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THE CURIOUS CASE

A list of things the Modi government says it has no data on

REUTERS/Stringer
See no evil.
  • Manavi Kapur
By Manavi Kapur

Culture and lifestyle reporter

As India’s parliament resumed its monsoon session on Sept. 14, the central government was faced with a volley of questions about the impact of the Covid-19 pandemic on various aspects of the economy. But the answers were few.

For starters, on the first day of parliament, the government said it had maintained no data on the number of migrants who lost their lives because of the pandemic-related lockdown.

This is after the evidently severe impact of Covid-19 on the lives of migrant workers. When India’s coronavirus lockdown was announced on March 24, millions of hapless migrant workers had no means of going back to their hometowns and villages. They began walking home, and hundreds died in the two-month period.

Not only while walking home, but at least 80 migrant workers also died on the special train service that the government had started for stranded labourers. According to a right to information query filed by The Wire, this data was available with the central government.

In a related question, the government was asked how many migrants lost their jobs, to which too the government said it had no data. According to a World Bank report, 40 million migrant jobs were lost in India in April. On prime minister Narendra Modi’s birthday yesterday (Sept. 17), his detractors observed the event as National Unemployment Day.

The only data the government shared in these questions was with regard to how many migrants were displaced during the Covid-19 lockdown. According to its estimates, 10 million migrant workers returned home since March 25.

No country for frontline Covid-19 workers

India’s raging pandemic—which has crossed 5 million positive cases—also led to the death of various frontline healthcare workers. But according to the government, it has no data on this matter either.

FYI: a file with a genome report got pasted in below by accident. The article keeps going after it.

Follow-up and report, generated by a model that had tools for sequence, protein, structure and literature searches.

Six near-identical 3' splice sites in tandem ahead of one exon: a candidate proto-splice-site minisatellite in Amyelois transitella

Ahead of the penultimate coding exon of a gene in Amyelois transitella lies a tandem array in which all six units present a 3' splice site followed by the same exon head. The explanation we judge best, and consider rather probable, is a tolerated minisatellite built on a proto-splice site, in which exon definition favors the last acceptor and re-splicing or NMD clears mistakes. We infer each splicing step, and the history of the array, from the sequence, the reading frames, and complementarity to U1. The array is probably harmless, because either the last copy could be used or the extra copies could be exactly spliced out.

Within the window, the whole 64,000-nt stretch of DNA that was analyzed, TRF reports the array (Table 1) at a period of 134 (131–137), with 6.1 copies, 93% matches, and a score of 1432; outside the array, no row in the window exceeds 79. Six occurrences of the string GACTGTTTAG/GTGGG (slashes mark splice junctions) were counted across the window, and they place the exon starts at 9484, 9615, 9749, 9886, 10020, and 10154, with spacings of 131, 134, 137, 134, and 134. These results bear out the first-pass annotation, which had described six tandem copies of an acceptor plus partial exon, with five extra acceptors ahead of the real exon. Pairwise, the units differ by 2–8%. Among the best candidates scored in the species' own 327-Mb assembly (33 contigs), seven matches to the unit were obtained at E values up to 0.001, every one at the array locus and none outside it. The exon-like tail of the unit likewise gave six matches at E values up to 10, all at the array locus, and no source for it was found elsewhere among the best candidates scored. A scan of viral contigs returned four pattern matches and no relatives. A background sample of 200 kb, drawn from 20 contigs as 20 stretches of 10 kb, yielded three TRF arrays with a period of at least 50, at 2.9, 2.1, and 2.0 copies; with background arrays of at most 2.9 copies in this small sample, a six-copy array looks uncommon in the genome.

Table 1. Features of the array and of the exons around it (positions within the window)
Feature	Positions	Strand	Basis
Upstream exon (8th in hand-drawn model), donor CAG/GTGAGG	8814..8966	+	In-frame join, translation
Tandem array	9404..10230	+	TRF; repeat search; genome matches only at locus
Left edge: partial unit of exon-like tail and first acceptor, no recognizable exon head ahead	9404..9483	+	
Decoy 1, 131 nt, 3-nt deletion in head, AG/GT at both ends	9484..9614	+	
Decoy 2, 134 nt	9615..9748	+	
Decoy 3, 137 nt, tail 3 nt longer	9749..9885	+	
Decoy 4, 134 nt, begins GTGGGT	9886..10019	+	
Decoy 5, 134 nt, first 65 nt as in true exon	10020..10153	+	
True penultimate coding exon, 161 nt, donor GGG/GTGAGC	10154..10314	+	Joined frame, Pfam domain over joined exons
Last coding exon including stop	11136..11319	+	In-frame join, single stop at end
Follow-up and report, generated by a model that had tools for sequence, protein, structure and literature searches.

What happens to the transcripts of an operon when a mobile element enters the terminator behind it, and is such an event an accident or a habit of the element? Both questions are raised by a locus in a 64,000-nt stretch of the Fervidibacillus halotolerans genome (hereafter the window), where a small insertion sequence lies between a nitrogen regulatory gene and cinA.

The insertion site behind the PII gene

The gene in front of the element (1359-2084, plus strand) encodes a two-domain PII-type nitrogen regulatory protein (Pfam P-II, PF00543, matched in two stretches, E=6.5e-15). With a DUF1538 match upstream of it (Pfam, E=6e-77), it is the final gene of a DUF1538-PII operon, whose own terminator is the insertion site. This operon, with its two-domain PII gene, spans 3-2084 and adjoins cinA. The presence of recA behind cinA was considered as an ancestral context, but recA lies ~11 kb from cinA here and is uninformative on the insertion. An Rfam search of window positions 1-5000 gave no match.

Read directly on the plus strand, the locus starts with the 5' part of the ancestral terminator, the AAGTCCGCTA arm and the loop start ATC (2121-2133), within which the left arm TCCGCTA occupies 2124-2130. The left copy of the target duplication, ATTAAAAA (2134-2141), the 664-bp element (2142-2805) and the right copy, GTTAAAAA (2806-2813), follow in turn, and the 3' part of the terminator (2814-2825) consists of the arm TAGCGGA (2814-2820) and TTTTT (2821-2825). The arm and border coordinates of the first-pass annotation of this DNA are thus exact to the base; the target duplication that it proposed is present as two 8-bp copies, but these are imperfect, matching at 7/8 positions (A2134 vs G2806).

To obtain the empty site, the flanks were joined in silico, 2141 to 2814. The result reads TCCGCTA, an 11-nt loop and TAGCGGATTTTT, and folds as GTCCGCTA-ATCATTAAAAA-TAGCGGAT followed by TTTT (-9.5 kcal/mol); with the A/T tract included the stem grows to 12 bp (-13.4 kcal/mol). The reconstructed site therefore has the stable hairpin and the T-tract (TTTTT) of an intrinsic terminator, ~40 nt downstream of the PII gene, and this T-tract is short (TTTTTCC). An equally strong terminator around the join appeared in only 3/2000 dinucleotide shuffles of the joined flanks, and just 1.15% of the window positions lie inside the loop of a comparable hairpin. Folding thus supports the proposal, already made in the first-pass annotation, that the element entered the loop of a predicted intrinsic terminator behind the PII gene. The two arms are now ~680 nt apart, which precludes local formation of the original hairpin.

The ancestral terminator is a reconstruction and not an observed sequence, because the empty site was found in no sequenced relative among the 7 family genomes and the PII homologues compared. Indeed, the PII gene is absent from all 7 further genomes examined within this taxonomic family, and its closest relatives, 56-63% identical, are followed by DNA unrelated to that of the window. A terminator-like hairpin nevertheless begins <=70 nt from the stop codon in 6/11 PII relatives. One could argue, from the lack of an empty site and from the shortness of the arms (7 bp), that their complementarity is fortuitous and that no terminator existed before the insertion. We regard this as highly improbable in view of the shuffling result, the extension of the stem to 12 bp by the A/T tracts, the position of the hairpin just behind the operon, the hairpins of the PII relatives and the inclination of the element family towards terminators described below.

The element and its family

“Health is a state subject. Such data is not maintained at central level by ministry of health and family welfare,” India’s minister of health Harsh Vardhan said on Sept. 15 in a written reply in parliament.

The Indian Medical Association, infuriated by this reply, released a list of 382 healthcare workers who succumbed to Covid-19. “This amounts to (an) abdication of duty and abandonment of the national heroes who have stood up for our people,” the IMA said in its statement. “IMA finds it strange that after having formulated an unfriendly partial insurance scheme for the bereaved families to struggle with the ignominy of the government disowning them altogether stares at them.”

Similarly, the government was asked about data on police personnel fatalities due to the pandemic. While the junior minister for home affairs shared a list of 100 deaths among centralised armed police forces, he said that police, too, is a state subject. “The data in respect of Police personnel who died due to Covid-19 across the country is not maintained centrally,” the written reply (pdf) read.

The coronavirus crisis aside, the government seems to be missing other crucial data, too.

The curious cases of China and Kashmir

The other crisis brewing in India is along the perceived border with China, where both countries have claimed an aggressive military stance by the other since May. While defense minister Rajnath Singh acknowledged these skirmishes and spoke at length in both houses of parliament, his ministry denies any infiltration along the border with China.

“No infiltration has been reported along Indo-China border during last six months,” the reply in the upper house of parliament read.

This is particularly curious considering reports that the Chinese army took over territory earlier patrolled and controlled by India.

Another curious piece of missing data is about politicians in the erstwhile state of Jammu & Kashmir. The state lost its special status after Article 370, a constitutional provision, was revoked by the Modi government on Aug. 5, 2019. Since then, it took several Kashmiri leaders in detention and kept them under house arrest, including former chief ministers Mehbooba Mufti, Omar Abdullah, and Farooq Abdullah.

While Omar and Farooq Abdullah are no longer under house arrest, Mufti is still not free. The Modi government, though, has said, “No political leader is under house arrest in the union territory of J&K.”

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